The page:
Oh, sorry. I don't mean to chuckle at someone else's misfortune. It's not that at all.
It wasn't until that moment that I realized just how much I was missing out on. So far, you see, I've been afraid that talking about him, or even listening to other people talk about him, was going to dredge up old feelings. It wasn't until that moment that I realized that those feelings hadn't existed for years; that my desire to look him up was no more intense than my desire to look up any other face from my high school yearbook. It was nothing but curiosity.
So I started to listen, to engage.
With my mom: How nice that Victor lives in that house. It's so pretty, but I wonder why they'd want to live in a house that gets so much attention.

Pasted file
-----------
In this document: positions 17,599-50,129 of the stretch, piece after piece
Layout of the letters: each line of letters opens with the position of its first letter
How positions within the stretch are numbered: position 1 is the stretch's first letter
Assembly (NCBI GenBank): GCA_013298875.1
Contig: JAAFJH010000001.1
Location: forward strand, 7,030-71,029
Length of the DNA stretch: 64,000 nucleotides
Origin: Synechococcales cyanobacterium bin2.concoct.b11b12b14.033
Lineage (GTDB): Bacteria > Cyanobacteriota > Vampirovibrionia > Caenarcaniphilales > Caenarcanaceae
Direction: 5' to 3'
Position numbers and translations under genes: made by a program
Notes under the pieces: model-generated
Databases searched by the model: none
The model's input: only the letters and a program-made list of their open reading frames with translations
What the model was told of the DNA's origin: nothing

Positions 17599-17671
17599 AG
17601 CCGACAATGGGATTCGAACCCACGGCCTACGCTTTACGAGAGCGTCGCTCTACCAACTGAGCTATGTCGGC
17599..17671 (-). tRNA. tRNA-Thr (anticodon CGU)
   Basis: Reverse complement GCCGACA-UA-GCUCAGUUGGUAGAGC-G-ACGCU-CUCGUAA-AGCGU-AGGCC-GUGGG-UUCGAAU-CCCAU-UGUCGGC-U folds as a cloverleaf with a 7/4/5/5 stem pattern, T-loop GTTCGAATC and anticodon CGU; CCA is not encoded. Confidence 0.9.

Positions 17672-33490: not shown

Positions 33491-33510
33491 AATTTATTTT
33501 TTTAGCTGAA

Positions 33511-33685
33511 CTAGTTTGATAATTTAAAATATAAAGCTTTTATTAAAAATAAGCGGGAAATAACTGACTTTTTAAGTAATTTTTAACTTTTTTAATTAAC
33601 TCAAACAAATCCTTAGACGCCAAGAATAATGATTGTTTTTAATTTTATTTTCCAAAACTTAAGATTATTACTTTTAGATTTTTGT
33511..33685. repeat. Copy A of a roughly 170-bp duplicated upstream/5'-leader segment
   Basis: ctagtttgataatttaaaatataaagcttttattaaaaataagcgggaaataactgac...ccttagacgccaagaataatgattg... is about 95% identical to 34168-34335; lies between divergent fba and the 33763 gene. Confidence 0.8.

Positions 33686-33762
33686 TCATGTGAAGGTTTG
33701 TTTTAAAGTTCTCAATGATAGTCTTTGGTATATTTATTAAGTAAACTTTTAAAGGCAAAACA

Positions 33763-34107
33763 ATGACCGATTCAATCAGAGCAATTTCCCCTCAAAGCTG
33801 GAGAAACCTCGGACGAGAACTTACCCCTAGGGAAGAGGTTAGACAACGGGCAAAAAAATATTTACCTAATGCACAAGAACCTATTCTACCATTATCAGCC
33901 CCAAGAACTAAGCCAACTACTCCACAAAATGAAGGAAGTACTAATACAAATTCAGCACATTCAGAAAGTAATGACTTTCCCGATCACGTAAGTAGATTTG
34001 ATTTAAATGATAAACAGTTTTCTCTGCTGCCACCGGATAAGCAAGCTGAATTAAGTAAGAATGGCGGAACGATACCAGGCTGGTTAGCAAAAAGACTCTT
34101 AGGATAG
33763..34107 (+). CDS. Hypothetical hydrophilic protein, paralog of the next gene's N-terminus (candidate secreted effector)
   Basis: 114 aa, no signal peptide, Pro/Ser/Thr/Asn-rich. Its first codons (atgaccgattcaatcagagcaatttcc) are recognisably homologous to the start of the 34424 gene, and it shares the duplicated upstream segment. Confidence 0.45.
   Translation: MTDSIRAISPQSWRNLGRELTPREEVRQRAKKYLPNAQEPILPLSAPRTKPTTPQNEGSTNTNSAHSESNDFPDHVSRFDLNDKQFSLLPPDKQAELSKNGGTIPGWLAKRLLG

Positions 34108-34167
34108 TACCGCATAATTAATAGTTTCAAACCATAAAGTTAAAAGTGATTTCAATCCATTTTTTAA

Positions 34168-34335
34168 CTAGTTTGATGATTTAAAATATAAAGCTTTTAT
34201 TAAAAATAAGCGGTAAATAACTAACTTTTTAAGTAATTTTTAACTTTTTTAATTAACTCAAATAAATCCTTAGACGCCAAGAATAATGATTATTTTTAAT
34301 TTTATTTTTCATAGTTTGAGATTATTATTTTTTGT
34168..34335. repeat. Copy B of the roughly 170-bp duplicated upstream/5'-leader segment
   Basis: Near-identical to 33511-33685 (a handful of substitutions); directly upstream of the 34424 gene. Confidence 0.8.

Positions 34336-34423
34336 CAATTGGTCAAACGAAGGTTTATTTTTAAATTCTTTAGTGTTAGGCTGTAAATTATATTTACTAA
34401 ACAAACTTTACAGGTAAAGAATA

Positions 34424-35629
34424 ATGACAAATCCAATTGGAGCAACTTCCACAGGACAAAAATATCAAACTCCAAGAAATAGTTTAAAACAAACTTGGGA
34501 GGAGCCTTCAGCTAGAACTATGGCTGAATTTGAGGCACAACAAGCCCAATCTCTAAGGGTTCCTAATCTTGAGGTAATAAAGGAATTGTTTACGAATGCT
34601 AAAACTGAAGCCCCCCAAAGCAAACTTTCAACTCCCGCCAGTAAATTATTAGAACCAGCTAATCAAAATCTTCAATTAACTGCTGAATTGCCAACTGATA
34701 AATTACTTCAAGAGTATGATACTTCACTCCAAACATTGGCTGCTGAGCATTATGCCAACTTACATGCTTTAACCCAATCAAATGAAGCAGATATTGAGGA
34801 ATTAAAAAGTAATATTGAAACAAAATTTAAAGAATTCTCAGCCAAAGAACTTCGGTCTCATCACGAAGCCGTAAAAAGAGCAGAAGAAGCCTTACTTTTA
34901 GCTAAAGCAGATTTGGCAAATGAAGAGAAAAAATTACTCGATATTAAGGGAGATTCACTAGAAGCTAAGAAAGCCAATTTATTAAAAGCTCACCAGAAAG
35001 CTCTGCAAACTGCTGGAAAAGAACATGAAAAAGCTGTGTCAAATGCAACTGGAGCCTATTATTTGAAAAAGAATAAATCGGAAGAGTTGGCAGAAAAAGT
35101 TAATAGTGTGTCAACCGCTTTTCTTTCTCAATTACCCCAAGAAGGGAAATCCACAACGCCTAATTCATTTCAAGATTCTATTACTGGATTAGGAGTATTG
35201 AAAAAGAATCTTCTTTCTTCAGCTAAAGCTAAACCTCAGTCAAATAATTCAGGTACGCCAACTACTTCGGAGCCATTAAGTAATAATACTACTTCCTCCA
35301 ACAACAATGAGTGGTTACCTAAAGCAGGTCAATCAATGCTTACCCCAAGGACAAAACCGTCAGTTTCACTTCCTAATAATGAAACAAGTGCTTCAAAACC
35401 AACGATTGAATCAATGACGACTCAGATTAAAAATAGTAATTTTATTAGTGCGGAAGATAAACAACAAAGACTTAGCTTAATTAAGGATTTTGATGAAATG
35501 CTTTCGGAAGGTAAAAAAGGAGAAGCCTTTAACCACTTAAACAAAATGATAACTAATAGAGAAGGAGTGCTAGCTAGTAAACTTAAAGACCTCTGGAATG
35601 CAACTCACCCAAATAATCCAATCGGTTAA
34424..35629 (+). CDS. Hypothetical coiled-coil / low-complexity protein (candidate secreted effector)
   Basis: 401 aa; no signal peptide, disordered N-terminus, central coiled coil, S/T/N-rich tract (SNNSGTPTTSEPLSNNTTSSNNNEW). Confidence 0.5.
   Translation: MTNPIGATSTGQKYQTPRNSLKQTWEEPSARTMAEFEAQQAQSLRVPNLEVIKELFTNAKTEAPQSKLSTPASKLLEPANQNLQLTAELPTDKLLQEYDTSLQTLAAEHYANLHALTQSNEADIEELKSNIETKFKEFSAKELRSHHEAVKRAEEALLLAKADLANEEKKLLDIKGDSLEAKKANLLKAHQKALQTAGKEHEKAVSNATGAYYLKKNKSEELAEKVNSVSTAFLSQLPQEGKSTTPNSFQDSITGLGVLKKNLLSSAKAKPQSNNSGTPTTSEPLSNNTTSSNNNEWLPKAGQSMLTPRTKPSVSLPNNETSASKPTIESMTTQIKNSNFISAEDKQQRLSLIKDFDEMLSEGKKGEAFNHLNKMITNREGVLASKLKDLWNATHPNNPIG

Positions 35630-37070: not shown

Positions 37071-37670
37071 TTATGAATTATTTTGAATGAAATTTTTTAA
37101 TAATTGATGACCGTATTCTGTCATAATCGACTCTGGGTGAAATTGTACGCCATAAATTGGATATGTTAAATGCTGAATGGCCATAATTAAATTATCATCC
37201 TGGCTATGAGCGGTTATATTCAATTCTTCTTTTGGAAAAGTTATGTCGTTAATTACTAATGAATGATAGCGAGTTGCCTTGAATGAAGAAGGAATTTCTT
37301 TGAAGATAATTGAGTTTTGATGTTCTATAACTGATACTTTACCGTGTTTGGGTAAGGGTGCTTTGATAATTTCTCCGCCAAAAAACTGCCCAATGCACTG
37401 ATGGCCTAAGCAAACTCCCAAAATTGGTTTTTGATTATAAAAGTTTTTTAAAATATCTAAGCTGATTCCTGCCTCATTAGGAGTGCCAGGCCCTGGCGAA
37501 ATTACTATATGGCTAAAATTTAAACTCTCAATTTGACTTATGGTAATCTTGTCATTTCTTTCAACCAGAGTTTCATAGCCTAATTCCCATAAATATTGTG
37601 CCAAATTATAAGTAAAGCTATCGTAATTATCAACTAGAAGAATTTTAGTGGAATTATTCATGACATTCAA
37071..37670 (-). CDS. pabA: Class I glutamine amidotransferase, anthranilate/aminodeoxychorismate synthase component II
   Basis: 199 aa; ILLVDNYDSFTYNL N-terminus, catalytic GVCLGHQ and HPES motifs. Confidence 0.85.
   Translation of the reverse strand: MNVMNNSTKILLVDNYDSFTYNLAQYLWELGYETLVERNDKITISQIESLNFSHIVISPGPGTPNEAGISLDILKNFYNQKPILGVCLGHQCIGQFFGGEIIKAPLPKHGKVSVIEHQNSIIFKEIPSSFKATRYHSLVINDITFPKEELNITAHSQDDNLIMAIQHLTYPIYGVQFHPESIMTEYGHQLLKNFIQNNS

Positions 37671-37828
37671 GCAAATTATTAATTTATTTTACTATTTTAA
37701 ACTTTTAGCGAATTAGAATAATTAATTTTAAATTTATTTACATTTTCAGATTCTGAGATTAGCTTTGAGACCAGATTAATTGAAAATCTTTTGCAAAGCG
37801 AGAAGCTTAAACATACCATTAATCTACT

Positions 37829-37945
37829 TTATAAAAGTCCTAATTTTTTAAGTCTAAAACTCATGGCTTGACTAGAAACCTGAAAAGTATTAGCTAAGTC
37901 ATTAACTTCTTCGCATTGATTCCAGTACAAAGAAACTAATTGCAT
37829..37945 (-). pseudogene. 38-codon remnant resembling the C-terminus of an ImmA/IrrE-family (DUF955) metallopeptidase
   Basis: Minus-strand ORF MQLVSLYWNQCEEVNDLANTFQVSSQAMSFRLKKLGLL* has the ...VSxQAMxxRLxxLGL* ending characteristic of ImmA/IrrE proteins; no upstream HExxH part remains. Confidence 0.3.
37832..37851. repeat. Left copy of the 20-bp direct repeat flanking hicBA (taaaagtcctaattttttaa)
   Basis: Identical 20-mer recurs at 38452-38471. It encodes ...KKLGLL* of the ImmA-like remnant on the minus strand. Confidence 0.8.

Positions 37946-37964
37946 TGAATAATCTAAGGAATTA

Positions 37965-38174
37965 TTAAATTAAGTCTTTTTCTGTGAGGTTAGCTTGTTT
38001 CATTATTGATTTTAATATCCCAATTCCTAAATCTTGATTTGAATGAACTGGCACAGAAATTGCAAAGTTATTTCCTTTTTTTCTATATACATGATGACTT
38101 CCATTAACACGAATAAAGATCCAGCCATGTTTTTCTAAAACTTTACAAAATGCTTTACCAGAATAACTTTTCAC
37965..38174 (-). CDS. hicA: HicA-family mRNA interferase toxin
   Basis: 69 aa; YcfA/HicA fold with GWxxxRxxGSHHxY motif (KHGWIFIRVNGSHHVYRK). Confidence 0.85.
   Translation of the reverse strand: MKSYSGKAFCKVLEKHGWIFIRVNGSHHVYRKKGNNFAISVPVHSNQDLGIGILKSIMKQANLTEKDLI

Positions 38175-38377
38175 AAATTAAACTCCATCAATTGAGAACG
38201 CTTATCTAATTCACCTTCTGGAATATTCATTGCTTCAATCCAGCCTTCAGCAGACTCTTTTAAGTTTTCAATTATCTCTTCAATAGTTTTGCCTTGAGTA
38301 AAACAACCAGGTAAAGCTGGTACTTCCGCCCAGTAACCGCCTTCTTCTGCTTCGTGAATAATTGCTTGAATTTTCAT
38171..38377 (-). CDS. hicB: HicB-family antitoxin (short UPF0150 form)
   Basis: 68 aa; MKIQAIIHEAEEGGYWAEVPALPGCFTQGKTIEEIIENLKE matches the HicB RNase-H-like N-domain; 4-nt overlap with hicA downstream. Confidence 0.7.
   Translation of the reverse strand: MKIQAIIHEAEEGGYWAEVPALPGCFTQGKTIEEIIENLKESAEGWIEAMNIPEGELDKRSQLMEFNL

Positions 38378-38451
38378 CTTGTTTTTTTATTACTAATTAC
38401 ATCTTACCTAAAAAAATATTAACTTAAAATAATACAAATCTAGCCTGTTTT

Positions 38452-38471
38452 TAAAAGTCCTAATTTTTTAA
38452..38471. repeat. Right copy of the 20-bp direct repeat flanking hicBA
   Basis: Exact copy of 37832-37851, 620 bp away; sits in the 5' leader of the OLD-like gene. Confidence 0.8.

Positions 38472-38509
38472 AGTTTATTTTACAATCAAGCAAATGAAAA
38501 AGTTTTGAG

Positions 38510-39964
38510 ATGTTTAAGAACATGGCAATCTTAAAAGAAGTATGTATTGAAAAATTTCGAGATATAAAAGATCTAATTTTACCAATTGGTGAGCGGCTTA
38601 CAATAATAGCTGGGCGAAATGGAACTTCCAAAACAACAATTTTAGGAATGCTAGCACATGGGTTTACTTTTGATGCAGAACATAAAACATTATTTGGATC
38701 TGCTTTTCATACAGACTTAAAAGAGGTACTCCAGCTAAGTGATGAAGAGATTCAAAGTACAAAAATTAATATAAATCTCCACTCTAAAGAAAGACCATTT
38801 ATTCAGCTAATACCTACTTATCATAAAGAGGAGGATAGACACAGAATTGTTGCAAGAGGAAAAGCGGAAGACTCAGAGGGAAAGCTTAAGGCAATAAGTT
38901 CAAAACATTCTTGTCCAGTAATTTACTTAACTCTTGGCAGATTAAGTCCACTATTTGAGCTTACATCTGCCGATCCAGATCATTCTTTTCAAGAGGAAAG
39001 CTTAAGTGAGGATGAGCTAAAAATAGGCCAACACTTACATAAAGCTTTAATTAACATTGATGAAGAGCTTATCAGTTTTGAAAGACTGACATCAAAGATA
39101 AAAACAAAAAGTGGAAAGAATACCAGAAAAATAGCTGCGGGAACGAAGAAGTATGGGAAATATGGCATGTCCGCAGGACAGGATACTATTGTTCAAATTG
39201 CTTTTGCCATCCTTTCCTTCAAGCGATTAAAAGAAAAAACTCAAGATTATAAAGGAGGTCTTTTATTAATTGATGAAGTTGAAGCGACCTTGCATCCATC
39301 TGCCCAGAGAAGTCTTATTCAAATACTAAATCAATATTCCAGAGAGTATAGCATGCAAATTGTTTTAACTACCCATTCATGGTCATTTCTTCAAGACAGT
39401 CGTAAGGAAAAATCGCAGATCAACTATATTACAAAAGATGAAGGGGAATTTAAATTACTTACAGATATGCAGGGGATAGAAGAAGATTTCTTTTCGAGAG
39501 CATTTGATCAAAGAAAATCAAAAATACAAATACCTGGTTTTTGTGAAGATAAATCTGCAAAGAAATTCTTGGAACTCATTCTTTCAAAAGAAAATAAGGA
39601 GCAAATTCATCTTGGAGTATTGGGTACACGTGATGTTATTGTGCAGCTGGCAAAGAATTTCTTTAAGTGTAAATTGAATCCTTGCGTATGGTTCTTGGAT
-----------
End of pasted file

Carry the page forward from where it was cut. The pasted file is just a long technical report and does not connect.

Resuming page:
To my friend in 4-H: What are his kids like? How is his wife?
To my brother: What kind of motorcycle does he have?
Here, in a nutshell, is what I learned: Victor is a control freak who hasn't held down a job since he was laid off from the university three years ago. They have four children who they home school; as charming and personable as their parents were in college, the kids are socially awkward and have no friends. The charming house has been in foreclosure twice, only to be rescued by his mother. His wife, the bully, does not work, drive, or have any activities outside of her husband and kids. She is completely controlled by him.
I guess he's still good looking, or so I've been told. At least on the outside.